The day after I found out I was pregnant again, I didn’t go the bathroom for a full 24 hours. Despite the fact that I now had the official bladder of a pregnant woman, even the thought of going into the bathroom filled me with rising panic.
Because last time, it happened in the bathroom.
It had been an ordinary morning, when I was most likely thinking about what to eat next or whether I could stomach a cup of coffee. Without a care in the world, I sat down on the toilet … and saw blood. I remember my stomach dropping and the rush of fear that roared into my body, because in that moment, I knew.
I knew it was the beginning of the end, even though I couldn’t possibly yet know just how grisly the details would be. Nor could I realize just how hard it would be to hold onto the slightest shred of hope until the bitter end.
I couldn’t have known how my miscarriage would break me and shake the very core of my confidence. I couldn’t have known how the loss would continue to haunt me, long after it was over.
There have been times when I wondered what it would be like to try again, but every time I thought about it, an iron drawbridge went up over my heart as a swift wall of protection. Nope, not going to happen, it seemed to say. She knows too much now. She knows exactly how much it could hurt.
But somehow, somebody slipped by that iron bridge and now? I honestly don’t know how to do this. I don’t know how to keep going, day after day, waiting for something that feels inevitable.
Every single night I dream about the blood with dreams so vivid, I wake up in a cold sweat. My dreams are so full of details — details that include calling my midwife or texting my husband in tears. They’re enough to convince me that I’ve lost my baby all over again.
I hold my breath tiptoeing to the bathroom in the morning, afraid to look. I scrutinize my symptoms, squinting to assess my body: Do my boobs look bigger? Is that a dark line on my stomach I see already? Do I feel nauseous or is it all in my head?
It is so early in my pregnancy, but I can’t see how I will possibly make it the whole way through. There will be no sigh of relief if I make it through the first trimester. There will be no relaxing as I coast through that renewed energy of the second. There will be no groaning jokes about making it to delivery, as none of us are offered that guarantee.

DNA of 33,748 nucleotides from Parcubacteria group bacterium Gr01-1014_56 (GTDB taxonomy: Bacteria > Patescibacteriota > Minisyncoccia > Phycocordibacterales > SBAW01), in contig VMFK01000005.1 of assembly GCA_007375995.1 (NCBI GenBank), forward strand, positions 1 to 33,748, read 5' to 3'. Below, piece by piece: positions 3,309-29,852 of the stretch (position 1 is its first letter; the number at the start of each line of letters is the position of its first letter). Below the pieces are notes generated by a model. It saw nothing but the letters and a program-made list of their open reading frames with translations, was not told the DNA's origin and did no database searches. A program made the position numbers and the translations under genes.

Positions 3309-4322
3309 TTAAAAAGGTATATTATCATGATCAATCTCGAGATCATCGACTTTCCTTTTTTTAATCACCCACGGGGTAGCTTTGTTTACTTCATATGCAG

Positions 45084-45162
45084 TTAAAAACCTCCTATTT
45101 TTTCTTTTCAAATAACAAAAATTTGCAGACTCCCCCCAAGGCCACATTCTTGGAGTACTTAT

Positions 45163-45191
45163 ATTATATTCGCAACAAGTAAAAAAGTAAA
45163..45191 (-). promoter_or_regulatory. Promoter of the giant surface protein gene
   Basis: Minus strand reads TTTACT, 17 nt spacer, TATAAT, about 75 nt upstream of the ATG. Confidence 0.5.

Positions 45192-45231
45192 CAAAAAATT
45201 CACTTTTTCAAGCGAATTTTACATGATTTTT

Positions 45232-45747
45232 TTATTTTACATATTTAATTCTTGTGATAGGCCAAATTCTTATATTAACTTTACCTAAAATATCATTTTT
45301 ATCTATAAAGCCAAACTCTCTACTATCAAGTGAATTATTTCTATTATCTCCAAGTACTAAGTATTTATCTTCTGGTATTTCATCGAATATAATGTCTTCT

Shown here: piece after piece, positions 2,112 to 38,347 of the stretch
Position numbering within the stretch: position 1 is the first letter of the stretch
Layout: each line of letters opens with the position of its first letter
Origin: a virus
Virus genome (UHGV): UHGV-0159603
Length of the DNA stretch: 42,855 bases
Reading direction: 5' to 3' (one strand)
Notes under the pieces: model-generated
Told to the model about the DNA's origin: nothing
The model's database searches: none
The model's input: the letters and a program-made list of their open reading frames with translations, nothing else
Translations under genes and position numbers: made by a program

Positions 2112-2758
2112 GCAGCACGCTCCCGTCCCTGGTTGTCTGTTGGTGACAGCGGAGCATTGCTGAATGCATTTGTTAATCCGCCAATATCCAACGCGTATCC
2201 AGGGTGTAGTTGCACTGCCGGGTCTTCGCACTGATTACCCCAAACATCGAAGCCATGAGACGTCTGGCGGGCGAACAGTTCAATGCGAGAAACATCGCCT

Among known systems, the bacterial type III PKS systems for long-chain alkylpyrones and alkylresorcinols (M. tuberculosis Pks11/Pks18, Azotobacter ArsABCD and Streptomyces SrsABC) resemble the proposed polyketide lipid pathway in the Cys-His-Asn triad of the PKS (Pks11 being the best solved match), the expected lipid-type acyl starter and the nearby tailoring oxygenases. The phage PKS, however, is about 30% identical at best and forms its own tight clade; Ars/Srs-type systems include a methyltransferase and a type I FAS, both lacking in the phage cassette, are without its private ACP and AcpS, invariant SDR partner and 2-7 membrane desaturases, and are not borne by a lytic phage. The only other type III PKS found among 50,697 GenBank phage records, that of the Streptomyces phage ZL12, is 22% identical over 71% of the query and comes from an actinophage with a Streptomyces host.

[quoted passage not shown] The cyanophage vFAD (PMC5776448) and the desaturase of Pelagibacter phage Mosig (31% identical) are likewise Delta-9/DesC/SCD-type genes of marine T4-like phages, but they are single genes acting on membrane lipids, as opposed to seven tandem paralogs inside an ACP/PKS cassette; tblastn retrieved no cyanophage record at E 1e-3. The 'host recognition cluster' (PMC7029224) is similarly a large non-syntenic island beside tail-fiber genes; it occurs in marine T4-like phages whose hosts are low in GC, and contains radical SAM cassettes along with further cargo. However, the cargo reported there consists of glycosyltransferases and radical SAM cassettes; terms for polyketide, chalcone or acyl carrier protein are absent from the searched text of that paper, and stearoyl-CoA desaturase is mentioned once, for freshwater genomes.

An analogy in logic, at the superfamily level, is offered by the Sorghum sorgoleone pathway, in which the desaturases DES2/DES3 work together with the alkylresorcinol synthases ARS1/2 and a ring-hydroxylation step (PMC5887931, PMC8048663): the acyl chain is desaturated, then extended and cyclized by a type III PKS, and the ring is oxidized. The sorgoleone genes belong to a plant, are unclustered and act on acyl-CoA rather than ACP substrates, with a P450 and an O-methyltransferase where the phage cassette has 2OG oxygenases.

I know too much now.
I know how it can all be taken away at 7 weeks, 14 weeks, 37 weeks, delivery, or after. I know that there are no guarantees; no “safe” time to sit back and relax.
I marvel now at the sheer bliss of ignorance. It was so easy to sail through my other pregnancies before my miscarriage. How could I have been so confident that I would get to keep those babies? How did I have the arrogance to assume all would be well and that I would hold a healthy, squalling newborn in my arms? How could I have been so boldly stupid and still so lucky?
It seems impossible to me now. And I feel grateful for the gift of motherhood when I was too young to know any better … because now, I don’t know how to feel.
I hear other people talk about “rainbow babies” like they are a healing balm to the soul, a miracle of light and hope and happiness, and I wonder what is wrong with me when all I feel is fear. I want to give into the river of excitement that is flowing somewhere inside of me, but the barrier of apprehensive ice crusted on top is too thick to break through.
The truth is, I don’t know how to live in limbo. I don’t know how to get through the day pretending that I am not screaming on the inside.
I don’t know how to navigate life when I can’t even go to the bathroom without panic and fear.
I don’t know how to plan for anything or talk about the future.
I don’t know how to look at babies in the grocery store, see pregnant women without my stomach clenching, or walk past the diaper aisle without tears burning.
Our old crib sits in my daughter’s room where we had been waiting to turn it into a new bed for her. The mere sight of it as an abandoned hope that may never be realized brings me so much pain.
I hate talking to my husband and seeing the veiled excitement in his eyes. I hate planning doctor’s appointments and the pregnancy app on my phone that reminds me what should be happening with my baby’s development, when I’m convinced none of it is actually happening.
I hate feeling like I am basically waiting for the loss of my baby, because if it happens, I’ll feel like I willed it.
But more than all of that, I hate that even with all of my fear, there is still that little sliver of unshakeable hope that is hanging on for dear life — my tiny rainbow, just waiting to be recognized.